Knowing oxymorphone, or the frustrations of work

So far, my experience in the ICU indicates to me that the trust of your co-workers and medical doctors has more to do with projected self-confidance than competence. Probably, critical care isn't the only field of work where this is true.

As an illustration of this point, I relate the following anecdote:

I had a surgical recovery patient recently who, during verbal report from the anesthesiologist, told us that a certain disease he had was from a blood transfusion. The anesthesiologist said, "I didn't know you had had a blood transfusion before?!" Said the patient, "I forgot to tell you." After the anesthesiologist had left, the patient told me, "I never had a blood transfusion, I got it from sex." All night, the patient told me he was narcotic naive, but the next morning he told a doctor he was prescribed oxymorphone.

(As I mentioned last month, patients lie, which is why I think the FDA can be a bunch of regulation-happy morons.)

As I was telling this story to some co-workers, one particular co-worker who started in the ICU at the same time I did and has been "advanced" to a preceptor position interjected twice to tell us, in a tone of confidence, that said disease is contracted from IV drug use, not from sex, and that oxymorphone doesn't exist. Neither of these points were germane to my story, which was about patient deceit, but also, what he told us in a tone of confidence was wrong on both counts. Said disease can be contracted from sex, and oxymorphone is a real drug.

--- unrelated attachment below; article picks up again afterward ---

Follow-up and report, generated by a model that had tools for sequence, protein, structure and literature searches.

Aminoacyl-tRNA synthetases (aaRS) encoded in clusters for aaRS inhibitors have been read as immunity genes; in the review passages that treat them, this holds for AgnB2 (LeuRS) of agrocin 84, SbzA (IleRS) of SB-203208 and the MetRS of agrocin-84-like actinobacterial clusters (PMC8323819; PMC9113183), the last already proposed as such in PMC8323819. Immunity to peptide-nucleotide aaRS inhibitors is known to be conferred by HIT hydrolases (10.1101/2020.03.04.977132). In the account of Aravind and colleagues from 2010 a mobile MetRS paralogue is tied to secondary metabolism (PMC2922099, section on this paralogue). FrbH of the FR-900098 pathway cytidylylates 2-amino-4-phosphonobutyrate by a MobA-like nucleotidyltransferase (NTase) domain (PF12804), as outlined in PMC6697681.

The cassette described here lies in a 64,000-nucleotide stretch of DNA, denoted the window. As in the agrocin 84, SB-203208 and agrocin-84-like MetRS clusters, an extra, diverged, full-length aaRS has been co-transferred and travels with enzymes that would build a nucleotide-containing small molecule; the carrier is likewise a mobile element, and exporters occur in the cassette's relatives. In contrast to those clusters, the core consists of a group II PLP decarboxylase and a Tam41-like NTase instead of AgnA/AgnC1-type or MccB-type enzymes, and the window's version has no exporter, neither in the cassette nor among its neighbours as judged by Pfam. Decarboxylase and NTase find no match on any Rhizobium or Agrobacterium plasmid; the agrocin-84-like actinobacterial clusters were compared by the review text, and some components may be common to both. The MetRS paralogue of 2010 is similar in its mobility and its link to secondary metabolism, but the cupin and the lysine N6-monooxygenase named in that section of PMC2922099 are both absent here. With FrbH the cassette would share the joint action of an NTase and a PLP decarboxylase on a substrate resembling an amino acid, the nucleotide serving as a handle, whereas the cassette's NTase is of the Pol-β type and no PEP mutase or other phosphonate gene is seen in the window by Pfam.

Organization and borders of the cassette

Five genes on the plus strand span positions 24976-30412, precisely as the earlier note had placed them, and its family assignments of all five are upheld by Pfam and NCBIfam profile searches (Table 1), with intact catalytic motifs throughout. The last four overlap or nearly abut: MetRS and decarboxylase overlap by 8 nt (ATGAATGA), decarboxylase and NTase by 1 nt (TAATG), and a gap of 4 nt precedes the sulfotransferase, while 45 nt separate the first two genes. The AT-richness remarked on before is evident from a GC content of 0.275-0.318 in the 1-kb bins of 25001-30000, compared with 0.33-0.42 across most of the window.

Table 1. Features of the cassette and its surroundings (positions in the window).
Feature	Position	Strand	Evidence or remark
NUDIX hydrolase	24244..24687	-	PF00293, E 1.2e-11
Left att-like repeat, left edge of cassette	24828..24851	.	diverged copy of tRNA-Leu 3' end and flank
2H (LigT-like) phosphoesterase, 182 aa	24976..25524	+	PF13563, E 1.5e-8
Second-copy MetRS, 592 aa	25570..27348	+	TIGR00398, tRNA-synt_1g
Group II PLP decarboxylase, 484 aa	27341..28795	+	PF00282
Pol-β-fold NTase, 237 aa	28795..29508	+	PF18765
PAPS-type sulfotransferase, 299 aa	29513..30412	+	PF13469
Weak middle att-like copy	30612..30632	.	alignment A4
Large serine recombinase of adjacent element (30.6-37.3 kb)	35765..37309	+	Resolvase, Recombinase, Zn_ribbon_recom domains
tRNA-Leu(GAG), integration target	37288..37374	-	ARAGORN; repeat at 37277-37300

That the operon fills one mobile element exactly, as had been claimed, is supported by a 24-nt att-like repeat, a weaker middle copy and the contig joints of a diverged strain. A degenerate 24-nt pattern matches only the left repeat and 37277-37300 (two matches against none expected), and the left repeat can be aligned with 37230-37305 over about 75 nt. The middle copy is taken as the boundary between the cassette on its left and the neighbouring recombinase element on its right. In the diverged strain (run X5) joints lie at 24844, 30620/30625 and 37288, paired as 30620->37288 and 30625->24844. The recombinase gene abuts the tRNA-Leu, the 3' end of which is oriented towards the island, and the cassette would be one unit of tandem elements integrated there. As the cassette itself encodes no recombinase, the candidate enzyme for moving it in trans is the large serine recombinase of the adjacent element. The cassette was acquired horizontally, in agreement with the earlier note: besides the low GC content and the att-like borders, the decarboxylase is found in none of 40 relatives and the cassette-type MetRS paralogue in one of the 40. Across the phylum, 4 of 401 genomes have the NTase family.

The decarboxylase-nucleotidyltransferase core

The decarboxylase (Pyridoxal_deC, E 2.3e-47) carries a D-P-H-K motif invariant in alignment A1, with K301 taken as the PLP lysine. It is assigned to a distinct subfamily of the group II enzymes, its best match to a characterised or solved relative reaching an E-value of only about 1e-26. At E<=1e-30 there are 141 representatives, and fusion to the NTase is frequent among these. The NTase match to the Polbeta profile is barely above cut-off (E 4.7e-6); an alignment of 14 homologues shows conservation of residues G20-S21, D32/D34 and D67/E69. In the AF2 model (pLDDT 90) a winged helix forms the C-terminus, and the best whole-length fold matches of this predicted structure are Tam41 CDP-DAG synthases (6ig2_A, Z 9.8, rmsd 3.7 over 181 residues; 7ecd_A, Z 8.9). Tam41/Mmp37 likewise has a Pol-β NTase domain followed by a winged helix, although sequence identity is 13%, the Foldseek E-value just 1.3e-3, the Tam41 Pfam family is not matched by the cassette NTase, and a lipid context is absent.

Very frustrating to me.


I would have been more upset, but the surgeon that talked to the patient the next morning also claimed he hadn't heard of oxymorphone.

Like the much better known hydromorphone (Dilaudid), oxymorphone (Opana) is an opioid analgesic.
Why don't we use oxymorphone more in health care? I'm not sure, but I suspect it has something to do with the low oral bioavailability, which means it has to be produced in high strength tablets, which makes it attractive as a recreational drug, which is probably why my patient was familiar with it.